• The local high net worth investors shifting from bonds into equities as post tax interest income finally becomes too low

  • A steady recovery in consumer purchasing power brings back retail investors again 

Aside from the election, none of the above have any firm dates. While we don’t have dates, it feels highly likely that the above will happen at some point. It is even possible that all three could happen around the same time, in which case we may see a “supercycle” opportunity in the CSE. 

So What Are We Doing?

We cannot predict when any of the above catalysts will trigger a rerating in the market. We will only know after the fact, which will be too late. Trying to perfectly time the market is nearly impossible, and there are some further exacerbating facts against this strategy:

  • Equities in Sri Lanka are highly illiquid. You cannot just buy the quantities you want at an attractive price at short notice. Hence to build a diversified portfolio in advance of an event, you actually need to start accumulating months before.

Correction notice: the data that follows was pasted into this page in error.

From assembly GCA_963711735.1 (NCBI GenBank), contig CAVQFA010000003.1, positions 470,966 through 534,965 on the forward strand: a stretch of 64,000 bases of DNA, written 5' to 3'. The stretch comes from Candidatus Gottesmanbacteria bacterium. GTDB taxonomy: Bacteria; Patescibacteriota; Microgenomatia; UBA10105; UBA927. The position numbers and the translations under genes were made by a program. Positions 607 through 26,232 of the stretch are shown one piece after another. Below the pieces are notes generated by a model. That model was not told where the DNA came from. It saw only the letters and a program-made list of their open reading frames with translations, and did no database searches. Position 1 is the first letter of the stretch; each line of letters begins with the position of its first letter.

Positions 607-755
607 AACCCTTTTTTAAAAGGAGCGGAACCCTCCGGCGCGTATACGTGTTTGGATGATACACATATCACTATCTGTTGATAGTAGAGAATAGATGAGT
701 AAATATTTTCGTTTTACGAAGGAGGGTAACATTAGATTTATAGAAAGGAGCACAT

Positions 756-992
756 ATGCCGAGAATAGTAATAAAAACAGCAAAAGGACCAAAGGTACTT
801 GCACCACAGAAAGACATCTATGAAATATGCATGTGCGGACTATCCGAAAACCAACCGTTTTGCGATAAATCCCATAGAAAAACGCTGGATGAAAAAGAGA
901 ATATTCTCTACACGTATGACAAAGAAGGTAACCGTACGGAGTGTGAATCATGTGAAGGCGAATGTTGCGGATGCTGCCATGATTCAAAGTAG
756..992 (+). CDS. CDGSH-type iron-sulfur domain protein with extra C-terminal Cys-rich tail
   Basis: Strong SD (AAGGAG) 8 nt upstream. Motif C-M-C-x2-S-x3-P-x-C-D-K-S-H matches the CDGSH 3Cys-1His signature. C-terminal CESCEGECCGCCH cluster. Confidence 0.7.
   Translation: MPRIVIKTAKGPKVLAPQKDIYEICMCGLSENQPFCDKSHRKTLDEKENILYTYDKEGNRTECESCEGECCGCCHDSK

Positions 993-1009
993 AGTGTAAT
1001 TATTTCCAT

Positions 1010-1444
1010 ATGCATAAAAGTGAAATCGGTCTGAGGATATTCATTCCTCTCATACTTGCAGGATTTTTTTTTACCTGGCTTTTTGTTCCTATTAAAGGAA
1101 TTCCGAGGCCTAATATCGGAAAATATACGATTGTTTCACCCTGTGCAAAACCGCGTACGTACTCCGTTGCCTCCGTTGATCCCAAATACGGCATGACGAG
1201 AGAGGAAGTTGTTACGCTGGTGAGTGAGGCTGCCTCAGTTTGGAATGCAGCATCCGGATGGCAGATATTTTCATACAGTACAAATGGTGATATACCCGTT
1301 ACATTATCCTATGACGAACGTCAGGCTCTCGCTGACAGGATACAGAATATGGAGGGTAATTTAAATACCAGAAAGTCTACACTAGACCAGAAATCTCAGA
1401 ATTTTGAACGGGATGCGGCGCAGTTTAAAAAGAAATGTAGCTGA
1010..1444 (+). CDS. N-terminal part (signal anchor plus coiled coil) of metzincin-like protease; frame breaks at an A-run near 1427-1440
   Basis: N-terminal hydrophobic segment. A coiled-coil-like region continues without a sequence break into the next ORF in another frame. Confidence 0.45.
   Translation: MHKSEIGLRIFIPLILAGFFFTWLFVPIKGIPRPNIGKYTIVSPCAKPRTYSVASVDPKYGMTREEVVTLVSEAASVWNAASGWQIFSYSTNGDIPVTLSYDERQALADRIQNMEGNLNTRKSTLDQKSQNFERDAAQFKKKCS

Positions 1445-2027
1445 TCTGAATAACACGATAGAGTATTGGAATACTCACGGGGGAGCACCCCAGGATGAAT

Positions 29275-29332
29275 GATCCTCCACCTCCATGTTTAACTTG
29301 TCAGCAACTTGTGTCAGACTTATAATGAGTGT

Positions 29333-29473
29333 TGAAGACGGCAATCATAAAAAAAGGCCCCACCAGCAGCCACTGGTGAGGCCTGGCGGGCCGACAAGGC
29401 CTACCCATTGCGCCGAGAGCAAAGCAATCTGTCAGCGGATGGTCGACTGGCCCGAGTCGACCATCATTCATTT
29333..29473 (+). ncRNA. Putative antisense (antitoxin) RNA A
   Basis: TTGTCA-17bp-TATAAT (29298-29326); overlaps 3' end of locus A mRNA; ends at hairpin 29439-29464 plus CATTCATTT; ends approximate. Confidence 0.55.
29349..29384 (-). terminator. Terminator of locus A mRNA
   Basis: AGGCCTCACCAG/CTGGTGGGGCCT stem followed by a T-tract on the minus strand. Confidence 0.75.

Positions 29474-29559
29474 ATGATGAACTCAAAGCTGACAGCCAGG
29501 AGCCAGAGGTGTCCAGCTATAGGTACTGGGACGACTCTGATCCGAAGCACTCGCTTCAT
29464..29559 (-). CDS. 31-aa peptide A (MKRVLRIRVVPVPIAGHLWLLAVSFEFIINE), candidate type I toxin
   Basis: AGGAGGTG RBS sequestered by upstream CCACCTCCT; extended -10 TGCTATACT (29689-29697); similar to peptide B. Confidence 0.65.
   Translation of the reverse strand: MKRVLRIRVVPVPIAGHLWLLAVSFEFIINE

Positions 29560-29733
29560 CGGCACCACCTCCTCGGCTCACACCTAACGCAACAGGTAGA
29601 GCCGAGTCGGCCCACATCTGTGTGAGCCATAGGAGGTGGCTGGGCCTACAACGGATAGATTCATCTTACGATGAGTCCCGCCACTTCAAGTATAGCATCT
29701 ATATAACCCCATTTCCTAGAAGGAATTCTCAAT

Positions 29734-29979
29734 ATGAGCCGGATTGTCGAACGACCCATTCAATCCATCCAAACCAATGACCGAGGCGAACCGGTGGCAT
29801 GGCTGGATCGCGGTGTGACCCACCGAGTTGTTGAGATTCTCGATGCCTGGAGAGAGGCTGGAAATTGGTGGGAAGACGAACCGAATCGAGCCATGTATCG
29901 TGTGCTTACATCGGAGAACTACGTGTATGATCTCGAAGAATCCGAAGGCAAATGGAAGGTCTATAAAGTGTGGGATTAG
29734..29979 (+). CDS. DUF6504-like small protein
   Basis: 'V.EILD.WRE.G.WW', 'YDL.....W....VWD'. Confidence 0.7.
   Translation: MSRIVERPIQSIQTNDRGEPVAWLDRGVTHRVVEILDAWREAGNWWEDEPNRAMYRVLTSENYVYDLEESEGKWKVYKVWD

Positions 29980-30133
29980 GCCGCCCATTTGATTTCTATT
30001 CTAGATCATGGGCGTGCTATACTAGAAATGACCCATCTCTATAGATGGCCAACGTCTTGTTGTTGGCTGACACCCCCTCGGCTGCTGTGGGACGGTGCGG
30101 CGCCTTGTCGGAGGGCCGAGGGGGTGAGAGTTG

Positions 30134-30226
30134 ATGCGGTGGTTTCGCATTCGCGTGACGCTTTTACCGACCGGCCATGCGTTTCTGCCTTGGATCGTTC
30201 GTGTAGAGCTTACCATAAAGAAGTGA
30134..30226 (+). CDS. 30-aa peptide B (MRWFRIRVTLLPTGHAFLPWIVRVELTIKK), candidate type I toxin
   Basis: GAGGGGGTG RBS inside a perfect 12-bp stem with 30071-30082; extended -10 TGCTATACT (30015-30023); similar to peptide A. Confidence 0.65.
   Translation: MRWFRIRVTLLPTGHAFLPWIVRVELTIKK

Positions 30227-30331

• Attractive dividend yields of certain shares also make the cost of waiting while invested  (after adjusting for tax) not too punitive compared to alternatives of Real Estate and Fixed Income.

For this reason, we are about 95% invested in equities, and intend to be 100% invested over the next few months.  I caution that this is unusually high for Sri Lanka. Most investors I speak to are between 30 to 75% invested with the rest usually in fixed income. 

When the Facts Change, Remember to Change Your Mind

All of the above conclusions are based on the facts today as we see it. These facts are likely to change given how volatile things are right now in Sri Lanka. For example:

  • There could be another global pandemic

  • The upcoming election could lead to the election of a populist party that does not understand basic economics and blows up all the reforms done to date

  • China could invade Taiwan

  • A devastating natural or man made disaster could occur in Sri Lanka or somewhere around the globe

  • A severe global recession could occur

In the event the facts have changed, the conclusions derived from the facts have to be thrown out, and we will have to reason again from the ground up, based on the new facts. Hence it is highly possible that any conclusions from this article can become stale very fast. Again I refer the reader to the disclaimer at the start of the article. 

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3월 12일

Great insights! I cannot agree more. It is amazing what we have achieved so far.